The slowdown in the UK footwear market as consumers rein in their spending during the recession is likely to be short-lived, new research shows - with faster sales growth expected in the following years. 

According to Footwear, a new Market Report Plus from market intelligence provider Key Note, consumers who curb their spending in 2009 are likely to purchase replacement shoes when the recession is over.

 The value of the UK market for footwear reached a record high of just over GBP7bn (US$11.3bn) in 2008, with spending on footwear up by 17.7% between 2004 and 2008, as consumers reaped the benefits of declining prices on the high street. 

In the current recession, however, consumers are cutting back on non-essential purchases, and this is likely to have a short-term negative impact on the market for footwear. 

Consumers are less likely to buy additional footwear items due to concerns over the downturn and rising rates of unemployment.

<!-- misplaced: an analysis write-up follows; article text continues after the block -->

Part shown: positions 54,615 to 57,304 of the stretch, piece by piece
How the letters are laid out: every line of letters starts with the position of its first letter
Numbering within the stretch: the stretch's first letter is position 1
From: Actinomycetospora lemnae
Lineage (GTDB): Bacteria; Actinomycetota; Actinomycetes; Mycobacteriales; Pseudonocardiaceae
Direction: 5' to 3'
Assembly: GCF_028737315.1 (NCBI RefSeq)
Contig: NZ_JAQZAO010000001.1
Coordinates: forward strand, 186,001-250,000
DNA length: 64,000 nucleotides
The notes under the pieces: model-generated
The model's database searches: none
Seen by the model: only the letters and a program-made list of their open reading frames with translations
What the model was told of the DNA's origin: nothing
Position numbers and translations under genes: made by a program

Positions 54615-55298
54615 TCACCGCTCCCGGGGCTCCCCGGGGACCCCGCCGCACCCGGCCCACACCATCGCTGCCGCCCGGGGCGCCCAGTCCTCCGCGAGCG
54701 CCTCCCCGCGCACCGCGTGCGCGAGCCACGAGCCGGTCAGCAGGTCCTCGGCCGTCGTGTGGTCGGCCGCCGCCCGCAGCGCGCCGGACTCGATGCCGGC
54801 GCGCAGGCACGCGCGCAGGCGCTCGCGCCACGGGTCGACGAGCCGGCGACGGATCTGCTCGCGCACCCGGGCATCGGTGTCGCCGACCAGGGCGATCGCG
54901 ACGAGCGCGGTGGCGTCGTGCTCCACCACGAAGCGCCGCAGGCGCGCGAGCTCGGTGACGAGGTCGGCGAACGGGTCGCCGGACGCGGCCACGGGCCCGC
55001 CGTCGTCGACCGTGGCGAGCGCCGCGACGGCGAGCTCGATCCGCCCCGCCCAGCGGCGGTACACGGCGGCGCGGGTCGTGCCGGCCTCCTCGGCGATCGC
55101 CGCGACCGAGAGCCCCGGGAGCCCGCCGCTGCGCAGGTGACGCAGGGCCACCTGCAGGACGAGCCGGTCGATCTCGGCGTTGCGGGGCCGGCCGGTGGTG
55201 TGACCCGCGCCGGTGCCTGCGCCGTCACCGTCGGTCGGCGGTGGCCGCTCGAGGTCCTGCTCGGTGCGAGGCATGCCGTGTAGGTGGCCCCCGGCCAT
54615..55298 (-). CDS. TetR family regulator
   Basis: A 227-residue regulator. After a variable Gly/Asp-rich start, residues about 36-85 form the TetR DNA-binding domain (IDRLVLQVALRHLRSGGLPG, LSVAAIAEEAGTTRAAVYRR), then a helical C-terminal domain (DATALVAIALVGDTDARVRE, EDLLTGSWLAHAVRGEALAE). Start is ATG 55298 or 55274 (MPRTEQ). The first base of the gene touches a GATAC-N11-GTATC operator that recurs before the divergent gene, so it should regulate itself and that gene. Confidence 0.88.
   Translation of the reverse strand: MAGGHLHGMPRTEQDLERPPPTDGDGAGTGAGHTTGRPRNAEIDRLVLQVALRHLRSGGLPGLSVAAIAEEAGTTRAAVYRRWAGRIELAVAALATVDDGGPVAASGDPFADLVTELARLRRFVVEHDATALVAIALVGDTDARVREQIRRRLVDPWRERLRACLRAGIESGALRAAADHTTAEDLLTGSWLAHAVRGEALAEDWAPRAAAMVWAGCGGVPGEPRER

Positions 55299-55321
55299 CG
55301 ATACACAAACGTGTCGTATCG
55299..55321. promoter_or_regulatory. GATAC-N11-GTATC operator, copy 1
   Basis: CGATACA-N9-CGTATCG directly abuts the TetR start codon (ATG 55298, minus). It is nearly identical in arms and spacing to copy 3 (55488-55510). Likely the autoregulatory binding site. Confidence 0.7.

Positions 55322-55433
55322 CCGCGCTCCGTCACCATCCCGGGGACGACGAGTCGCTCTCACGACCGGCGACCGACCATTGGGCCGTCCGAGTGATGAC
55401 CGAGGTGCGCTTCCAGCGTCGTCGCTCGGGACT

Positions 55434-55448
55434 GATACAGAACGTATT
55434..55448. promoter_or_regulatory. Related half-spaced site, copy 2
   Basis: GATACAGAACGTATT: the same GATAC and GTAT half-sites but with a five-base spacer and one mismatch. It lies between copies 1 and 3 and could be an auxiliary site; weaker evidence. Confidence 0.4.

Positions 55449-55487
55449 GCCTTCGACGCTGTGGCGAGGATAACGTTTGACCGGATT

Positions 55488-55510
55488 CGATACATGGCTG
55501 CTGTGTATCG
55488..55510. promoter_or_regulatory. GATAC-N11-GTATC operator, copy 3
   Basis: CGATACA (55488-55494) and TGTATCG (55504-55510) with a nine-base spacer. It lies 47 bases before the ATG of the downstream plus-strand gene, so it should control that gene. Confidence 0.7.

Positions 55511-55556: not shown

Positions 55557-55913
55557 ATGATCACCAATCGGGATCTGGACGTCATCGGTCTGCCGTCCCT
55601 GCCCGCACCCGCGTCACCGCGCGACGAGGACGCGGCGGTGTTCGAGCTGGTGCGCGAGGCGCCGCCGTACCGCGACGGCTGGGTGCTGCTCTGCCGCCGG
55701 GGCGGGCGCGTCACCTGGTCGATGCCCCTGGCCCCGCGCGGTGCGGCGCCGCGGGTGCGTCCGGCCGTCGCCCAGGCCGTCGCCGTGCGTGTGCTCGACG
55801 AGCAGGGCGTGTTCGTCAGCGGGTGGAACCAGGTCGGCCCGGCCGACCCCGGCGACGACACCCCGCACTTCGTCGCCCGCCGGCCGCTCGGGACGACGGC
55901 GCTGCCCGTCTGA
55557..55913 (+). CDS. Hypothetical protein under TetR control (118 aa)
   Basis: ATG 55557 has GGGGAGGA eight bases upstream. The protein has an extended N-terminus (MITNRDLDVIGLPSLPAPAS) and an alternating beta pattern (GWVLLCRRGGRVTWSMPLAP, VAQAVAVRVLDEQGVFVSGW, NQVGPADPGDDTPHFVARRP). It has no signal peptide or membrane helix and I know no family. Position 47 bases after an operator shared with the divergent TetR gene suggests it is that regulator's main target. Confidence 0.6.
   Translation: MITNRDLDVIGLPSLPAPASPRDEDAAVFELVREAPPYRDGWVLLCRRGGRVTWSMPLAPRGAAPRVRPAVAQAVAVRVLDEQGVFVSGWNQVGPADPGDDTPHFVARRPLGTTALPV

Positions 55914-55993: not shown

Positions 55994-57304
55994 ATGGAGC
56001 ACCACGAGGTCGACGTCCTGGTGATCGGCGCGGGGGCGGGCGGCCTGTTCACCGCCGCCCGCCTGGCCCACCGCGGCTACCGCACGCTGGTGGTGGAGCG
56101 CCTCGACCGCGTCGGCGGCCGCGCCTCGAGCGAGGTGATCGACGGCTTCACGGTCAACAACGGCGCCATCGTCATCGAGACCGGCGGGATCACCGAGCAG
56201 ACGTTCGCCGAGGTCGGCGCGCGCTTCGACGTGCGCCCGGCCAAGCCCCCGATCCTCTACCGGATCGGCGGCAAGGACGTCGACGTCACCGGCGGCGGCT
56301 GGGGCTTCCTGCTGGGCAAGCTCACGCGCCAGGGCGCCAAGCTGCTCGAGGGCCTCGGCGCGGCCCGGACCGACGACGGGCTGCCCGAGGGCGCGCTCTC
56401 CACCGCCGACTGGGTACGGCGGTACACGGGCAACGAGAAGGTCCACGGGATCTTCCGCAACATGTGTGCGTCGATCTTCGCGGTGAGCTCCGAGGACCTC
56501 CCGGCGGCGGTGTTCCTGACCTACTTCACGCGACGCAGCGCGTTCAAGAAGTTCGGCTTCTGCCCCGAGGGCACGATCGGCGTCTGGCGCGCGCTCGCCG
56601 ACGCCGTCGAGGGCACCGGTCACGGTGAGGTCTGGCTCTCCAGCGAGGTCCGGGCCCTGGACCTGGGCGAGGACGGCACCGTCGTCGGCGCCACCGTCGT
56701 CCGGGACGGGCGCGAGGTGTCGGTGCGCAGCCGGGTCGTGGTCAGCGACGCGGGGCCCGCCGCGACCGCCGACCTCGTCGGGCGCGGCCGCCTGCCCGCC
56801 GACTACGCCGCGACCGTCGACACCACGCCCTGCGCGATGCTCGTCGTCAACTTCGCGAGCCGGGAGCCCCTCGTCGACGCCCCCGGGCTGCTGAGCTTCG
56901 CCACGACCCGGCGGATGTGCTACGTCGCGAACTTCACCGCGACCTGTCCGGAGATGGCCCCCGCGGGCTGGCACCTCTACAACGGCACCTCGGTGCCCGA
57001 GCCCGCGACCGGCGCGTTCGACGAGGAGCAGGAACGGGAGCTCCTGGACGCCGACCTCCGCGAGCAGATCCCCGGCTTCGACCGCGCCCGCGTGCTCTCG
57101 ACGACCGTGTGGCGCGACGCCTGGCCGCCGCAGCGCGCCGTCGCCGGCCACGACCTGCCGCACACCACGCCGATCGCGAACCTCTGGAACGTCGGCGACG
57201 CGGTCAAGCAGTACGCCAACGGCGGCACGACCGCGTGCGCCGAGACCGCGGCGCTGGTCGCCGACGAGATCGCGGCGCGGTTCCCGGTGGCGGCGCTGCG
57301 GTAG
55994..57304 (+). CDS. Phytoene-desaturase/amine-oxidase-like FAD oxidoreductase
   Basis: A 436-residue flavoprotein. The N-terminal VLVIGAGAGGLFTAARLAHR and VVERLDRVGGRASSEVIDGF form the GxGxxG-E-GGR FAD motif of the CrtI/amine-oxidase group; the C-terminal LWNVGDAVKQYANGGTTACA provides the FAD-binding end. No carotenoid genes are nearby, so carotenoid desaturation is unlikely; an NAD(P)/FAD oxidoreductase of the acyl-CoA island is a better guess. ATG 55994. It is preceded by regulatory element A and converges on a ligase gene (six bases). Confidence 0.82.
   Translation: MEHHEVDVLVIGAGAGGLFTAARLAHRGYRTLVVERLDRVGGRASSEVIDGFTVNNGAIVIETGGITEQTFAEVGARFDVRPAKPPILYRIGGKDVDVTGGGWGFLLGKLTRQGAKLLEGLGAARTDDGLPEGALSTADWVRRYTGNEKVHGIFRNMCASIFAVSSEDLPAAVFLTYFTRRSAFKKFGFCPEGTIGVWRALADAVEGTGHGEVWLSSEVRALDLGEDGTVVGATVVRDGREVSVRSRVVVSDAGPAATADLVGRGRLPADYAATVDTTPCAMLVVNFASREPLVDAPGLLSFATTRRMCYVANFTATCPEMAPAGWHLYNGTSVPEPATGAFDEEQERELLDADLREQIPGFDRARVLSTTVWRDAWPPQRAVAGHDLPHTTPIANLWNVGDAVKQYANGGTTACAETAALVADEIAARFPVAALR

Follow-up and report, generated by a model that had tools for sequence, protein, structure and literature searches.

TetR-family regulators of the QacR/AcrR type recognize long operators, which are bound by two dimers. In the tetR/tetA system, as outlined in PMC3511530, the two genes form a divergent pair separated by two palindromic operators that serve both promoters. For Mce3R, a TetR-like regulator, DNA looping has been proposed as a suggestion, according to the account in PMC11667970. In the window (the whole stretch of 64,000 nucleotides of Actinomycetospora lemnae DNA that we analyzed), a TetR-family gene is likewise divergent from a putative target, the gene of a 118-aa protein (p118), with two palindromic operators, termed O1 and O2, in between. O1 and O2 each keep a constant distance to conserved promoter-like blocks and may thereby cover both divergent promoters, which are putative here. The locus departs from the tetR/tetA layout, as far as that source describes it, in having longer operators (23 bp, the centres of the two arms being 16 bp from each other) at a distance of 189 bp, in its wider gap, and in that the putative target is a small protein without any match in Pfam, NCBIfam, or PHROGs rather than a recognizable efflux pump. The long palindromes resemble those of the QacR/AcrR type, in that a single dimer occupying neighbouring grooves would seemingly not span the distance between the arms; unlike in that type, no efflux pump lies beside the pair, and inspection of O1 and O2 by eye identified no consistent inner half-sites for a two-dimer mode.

Key Note forecasts that the value of the UK footwear market will contract by 0.3% in 2009, but will recover well in 2010, and show overall growth of 17.9% over the period from 2009 to 2013.

The report also identifies future trends in the UK footwear market, and predicts that market leader Clarks is likely to continue performing well, despite downturns on the high street. 

Industry comments suggest that Clarks' investment in designers is paying off, adding an element of style to the company's established reputation for comfort and reliability.

The coming years are also likely to see a more serious approach to innovative, functional footwear that tackles specific medical problems; while the 'green' message is likely to get louder too.

Click here for more information on Key Note's Footwear Market Report Plus.